The problems that grounded the global B787 fleet have hurt Japan Airlines and All Nippon Airways more than other carriers. Early takers of Boeing’s new plane, the pair account for 24 of the 50 Dreamliners brought into service until the problems stopped deliveries.
Across the Pacific, JAL had deployed the 787 on routes from Tokyo to Boston and San Diego, the latter launched as recently as December 2012. For now, the carrier, which has ordered altogether 45 787s, has replaced the grounded planes on these sectors with 777s. However, a new 787 service to Helsinki, which was planned to kick off in March, has been postponed until the Dreamliner is cleared to fly again.
The 787 has earned praise from operators in terms of its cargo capacity. Replacing it with a 777 on the transpacific routes leaves JAL Cargo with ample space there, but in other sectors, where service reverted to 767-300 aircraft, the 787′s troubles have dented JAL’s payload options.
After its emergence from bankruptcy protection, JAL has seen a rise in its cargo traffic. For the nine months to December 31, 2012, the airline posted a 4.8 percent increase in freight tonne-kilometers over the same period a year earlier.
Rival ANA boosted its cargo operation at the end of last year when Yamato Transport, Japan’s leading express parcel operator, signed an agreement to use the airline’s express hub in Okinawa. ANA’s express traffic through Okinawa has persistently lagged expectations, so the Yamato deal promises a huge shot in the arm for the freighter operation.
For both ANA and JAL, express traffic has benefited from the opening of Haneda Airport to international flying, thanks to its closer proximity to metropolitan Tokyo than Narita International Airport, the capital’s international gateway.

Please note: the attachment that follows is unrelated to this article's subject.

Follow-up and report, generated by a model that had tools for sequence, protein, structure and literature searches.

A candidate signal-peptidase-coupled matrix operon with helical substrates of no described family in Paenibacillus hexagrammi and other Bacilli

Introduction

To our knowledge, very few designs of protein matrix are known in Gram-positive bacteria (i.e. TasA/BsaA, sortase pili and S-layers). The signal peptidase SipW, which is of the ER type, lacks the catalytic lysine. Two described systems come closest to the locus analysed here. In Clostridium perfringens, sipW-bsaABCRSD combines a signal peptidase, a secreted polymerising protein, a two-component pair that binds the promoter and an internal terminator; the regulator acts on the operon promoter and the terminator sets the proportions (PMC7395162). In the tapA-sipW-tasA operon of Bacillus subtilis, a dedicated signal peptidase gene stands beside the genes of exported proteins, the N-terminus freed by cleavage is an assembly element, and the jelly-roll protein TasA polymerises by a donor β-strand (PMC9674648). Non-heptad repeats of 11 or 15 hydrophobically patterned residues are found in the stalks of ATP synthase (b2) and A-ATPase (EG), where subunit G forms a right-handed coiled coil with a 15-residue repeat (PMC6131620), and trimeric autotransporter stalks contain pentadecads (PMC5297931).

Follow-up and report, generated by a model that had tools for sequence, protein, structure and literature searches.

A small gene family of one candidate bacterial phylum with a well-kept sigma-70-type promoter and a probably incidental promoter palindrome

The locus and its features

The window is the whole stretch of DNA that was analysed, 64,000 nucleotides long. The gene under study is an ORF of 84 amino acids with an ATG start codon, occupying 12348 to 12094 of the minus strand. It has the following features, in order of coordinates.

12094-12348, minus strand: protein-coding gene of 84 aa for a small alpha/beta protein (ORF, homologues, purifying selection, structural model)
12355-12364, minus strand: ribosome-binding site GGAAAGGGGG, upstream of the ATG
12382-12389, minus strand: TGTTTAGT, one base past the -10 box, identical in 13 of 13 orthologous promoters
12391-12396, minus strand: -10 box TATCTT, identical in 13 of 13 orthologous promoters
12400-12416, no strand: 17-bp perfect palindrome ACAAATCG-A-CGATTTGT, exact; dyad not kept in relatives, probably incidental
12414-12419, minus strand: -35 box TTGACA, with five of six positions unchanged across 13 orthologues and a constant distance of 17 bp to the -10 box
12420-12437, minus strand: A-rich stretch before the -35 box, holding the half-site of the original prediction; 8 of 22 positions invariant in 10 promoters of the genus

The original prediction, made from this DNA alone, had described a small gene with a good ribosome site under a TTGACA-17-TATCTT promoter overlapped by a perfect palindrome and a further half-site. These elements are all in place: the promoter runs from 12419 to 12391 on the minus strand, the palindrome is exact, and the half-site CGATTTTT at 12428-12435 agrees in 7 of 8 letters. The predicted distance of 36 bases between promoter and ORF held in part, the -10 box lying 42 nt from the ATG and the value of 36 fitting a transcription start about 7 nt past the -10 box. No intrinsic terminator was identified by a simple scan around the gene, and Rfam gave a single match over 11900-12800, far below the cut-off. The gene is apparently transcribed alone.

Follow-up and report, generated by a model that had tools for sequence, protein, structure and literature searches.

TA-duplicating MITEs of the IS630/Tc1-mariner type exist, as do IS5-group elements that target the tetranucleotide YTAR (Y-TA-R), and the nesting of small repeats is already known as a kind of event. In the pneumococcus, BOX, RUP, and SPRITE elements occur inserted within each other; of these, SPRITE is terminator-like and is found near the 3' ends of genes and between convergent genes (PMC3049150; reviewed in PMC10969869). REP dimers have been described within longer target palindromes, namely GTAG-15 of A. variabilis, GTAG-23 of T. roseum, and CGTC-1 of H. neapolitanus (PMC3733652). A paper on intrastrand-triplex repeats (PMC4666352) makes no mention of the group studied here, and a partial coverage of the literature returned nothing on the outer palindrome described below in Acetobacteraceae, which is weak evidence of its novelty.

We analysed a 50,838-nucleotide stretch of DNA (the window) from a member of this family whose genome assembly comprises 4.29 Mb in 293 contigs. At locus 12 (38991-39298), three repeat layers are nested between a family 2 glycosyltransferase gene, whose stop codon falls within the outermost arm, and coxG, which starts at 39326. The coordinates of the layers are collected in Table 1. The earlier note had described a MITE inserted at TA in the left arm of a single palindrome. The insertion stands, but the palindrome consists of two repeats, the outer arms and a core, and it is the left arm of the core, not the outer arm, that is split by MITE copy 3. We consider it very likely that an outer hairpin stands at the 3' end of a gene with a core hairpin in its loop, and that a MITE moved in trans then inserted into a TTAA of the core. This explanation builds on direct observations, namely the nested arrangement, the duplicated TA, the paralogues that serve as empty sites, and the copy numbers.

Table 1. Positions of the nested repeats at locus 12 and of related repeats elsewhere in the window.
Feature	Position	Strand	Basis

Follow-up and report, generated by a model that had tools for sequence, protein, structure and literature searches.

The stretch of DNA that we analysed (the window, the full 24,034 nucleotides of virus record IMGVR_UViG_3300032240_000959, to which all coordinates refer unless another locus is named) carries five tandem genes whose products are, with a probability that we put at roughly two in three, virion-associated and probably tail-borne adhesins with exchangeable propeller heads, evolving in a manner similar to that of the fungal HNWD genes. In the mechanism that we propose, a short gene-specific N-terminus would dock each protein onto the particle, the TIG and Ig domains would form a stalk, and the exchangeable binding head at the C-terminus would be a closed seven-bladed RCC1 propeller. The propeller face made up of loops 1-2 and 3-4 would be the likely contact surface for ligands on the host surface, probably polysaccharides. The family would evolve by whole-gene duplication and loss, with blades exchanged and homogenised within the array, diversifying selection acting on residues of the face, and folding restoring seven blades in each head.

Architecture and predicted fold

Medical equipment and pharmaceuticals have emerged as another key growth sector for the airlines as well as for several forwarders, Tomoyasu Fukuyama, president of Logi-Rex, says. His own forwarding company, which recently expanded its warehouse footprint at Narita by almost one-third, has focused on this traffic and perishables, largely in cooperation with JAL Cargo.
The airline is bent on boosting revenues from perishables traffic. It has developed a new service in tandem with Japan Post that moves small shipments of fish, fruit and other perishables in special temperature-controlled containers that have been developed in partnership with an equipment manufacturer.
Shinja Nagayasu, assistant manager of marketing, international route marketing, cargo and mail at JAL, says the service would kick off April 1 on routes to Taiwan and Singapore and be subsequently expanded to other destinations in Asia.
This should go some way toward strengthening JAL’s yields, which have been affected by the overall market situation, although the cargo division reached its revenue targets for the period, Nagayasu says. While the airline’s tonnage rose in the nine months to December 31, cargo revenues slipped 2.2 percent to 57.5 billion yen (US$621 million).
In part, this reflects the overcapacity in the market. Some carriers, such as Singapore Airlines, have cut back their freighter service to Japan, but others have put in fresh capacity, Nagayasu says, adding that the market is “quite tough at the moment.”
The second factor has been the weakness of Japan’s exports. In January, the tonnage of exports by air was down 28 percent.
This has forced JAL to loosen its policy of focusing on traffic originating or terminating in Japan and taking on transit cargo to and from other points in Asia, which commands lower yields. Nippon Cargo Airlines has been forced to do likewise – to a larger extent – to fill its freighters.
“We are still heavier out of Asia than we would like, but it is improving,” says Shawn McWhorter, the all-cargo airline’s president for the Americas. NCA now has two 747-8 freighters in its fleet and will take delivery of three more before the end of this year. The airline is taking 747-400Fs out of service as the -8s join its lineup, but this constitutes a 15 percent increase in its capacity.
“The -8 has been a great plane for us. We have got payloads of 139, almost 140 tonnes. We are very pleased with its performance,” McWhorter says. At this point, however, NCA cannot fill the aircraft with exports out of Japan.
Lately, there has been some optimism about exports as a result of the election of a new government and changes at the helm of the Bank of Japan, which have pushed down the exchange rate of the yen. However, operators do not anticipate a surge in airfreight exports.
“According to our [forwarder] customers in Japan, companies that had factories in Japan have already moved production to Southeast Asia or China, so we do not expect a big change in exports due to the currency movements,” Nagayasu says.